Federal Student Loan Deferment for Economic Hardship

Professor talking with studentA college graduate in student loan repayment may experience an economic hardship due to a host of different life circumstances. The most common reasons for an economic hardship include:

The federal government is a helpful and understanding student loan lender. Although the media may sensationalize student loan default rates, the federal government has put many safeguards in place to keep borrowers on track with their student loan repayments. Borrowers who are facing an economic hardship are best advised to work directly with their loan service provider to learn about all available options, such as an economic deferment.

As Federal Student Aid explains, a deferment allows an eligible borrower to temporarily postpone making payments, or to reduce the monthly amount due. The deferment covers both the principal and the interest. In the case of Federal Direct Subsidized Loans, Federal Subsidized Stafford Loans, and Perkins Loans, the federal government may pay the interest that accrues during the deferment period.

It is important to note that the government does not pay the interest on unsubsidized loans (Direct Loans and Stafford Loans included). Unsubsidized loan borrowers in deferment will have the option to pay the interest only (and defer payments on the principal) while the loan is deferred. For those borrowers who cannot or choose not to pay the interest, the unsubsidized loans will become more expensive in the long run because the interest accrues and gets added onto the principal balance. This process is known as capitalization and compounding interest, and it means, in effect, that borrowers end up paying interest on the interest.

Provided that a borrower meets any of the conditions for a deferment (described above), the loan service provider can process the request. In the case of Perkins Loans, borrowers will need to contact their school directly (either the school administers the loan or will advise the borrower of the contact information for the third-party loan service provider).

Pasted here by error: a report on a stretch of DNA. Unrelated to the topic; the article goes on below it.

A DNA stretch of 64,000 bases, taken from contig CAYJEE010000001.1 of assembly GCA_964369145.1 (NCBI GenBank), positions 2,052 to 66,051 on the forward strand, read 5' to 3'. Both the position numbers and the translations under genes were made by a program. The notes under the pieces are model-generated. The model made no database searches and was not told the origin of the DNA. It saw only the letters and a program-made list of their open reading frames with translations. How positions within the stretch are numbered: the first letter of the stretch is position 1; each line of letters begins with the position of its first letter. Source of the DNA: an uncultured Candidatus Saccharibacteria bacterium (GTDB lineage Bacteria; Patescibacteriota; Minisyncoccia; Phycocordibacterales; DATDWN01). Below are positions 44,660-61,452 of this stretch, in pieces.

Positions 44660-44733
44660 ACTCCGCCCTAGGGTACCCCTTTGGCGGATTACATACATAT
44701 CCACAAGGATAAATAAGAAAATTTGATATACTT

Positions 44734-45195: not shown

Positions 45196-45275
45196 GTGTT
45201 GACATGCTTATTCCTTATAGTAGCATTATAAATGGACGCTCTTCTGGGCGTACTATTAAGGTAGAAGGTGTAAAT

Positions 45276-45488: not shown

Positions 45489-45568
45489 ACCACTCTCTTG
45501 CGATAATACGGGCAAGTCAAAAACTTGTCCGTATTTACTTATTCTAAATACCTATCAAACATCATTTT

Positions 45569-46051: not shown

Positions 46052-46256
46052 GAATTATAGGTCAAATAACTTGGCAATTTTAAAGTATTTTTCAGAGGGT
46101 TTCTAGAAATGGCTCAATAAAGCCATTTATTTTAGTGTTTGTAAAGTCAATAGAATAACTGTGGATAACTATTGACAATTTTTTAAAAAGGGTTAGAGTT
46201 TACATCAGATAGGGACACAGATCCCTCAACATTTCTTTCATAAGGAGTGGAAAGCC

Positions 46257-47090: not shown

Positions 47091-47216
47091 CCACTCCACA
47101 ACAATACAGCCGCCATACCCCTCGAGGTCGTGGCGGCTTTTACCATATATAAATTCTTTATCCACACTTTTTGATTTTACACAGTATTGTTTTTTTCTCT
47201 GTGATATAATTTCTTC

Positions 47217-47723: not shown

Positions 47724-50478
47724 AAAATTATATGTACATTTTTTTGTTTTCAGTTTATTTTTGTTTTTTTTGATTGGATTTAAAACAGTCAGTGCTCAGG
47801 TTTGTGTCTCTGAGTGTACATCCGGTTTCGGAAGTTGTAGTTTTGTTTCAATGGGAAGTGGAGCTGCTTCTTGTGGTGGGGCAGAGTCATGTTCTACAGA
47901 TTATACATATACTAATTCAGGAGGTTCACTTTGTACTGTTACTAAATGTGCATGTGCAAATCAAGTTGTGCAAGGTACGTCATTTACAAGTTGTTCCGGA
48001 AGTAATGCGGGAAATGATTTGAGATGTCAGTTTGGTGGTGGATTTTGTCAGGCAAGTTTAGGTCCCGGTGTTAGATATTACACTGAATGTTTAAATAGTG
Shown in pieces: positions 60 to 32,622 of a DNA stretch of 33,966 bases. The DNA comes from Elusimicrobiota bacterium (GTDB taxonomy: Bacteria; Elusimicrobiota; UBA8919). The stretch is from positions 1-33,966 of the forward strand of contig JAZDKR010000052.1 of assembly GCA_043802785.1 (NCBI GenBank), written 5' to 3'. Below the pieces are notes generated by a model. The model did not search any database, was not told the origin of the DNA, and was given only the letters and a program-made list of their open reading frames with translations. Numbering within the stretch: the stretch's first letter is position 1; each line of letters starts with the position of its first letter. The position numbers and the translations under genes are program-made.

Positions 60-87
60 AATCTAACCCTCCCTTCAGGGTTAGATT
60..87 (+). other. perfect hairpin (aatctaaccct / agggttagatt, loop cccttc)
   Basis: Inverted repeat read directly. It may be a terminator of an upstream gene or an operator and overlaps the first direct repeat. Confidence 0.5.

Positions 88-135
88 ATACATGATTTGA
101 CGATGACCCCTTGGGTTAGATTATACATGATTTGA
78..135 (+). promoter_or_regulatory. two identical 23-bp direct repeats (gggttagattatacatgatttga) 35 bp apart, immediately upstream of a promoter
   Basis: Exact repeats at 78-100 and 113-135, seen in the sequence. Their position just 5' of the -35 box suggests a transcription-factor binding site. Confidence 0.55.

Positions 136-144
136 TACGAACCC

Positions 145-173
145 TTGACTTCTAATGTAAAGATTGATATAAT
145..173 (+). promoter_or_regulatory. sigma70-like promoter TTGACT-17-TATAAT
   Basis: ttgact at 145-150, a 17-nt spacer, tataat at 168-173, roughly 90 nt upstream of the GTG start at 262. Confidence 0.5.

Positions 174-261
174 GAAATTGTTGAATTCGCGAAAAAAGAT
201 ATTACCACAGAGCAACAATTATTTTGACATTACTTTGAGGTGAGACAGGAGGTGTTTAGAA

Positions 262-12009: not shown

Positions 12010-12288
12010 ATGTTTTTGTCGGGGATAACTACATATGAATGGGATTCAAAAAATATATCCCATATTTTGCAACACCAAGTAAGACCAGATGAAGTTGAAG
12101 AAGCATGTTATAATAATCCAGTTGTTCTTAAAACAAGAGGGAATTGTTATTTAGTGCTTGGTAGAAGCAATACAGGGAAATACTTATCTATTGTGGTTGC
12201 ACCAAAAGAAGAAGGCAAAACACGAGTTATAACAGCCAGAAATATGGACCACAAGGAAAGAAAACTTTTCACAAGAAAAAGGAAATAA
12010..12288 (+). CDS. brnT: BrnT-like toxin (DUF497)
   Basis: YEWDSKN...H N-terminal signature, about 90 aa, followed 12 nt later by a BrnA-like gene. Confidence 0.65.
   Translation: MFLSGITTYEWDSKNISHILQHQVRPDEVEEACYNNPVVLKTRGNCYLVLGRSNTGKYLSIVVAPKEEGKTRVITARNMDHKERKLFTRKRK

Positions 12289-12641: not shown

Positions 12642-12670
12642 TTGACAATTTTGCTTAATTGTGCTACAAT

Borrowers who are experiencing a financial hardship, whatever the reason, are advised to contact their loan service provider as soon as possible to explore deferment options. Failing to make student loan payments can negatively affect a borrower’s credit report, and in cases where the loan has lapsed for too long a period, the borrower may lose the deferment option. While default is a reality for some borrowers, it is more than likely that some graduates who have defaulted did so without even exhausting their deferment (and other) options.

Borrowers who are committed to managing their student loans will find that they have many options in addition to deferment, such as forbearance. In addition, several different payment plans can lower the monthly payment amount due. For instance, some low-income borrowers in the Income-Based Repayment Plan may qualify for a zero monthly payment. Whatever a borrower’s circumstances, the key is to remain current on student loans, either through making a required payment, being in a deferment, being in forbearance, or being in a repayment plan with manageable payments (which, again, can be as low as zero per month).


Types of Student Loans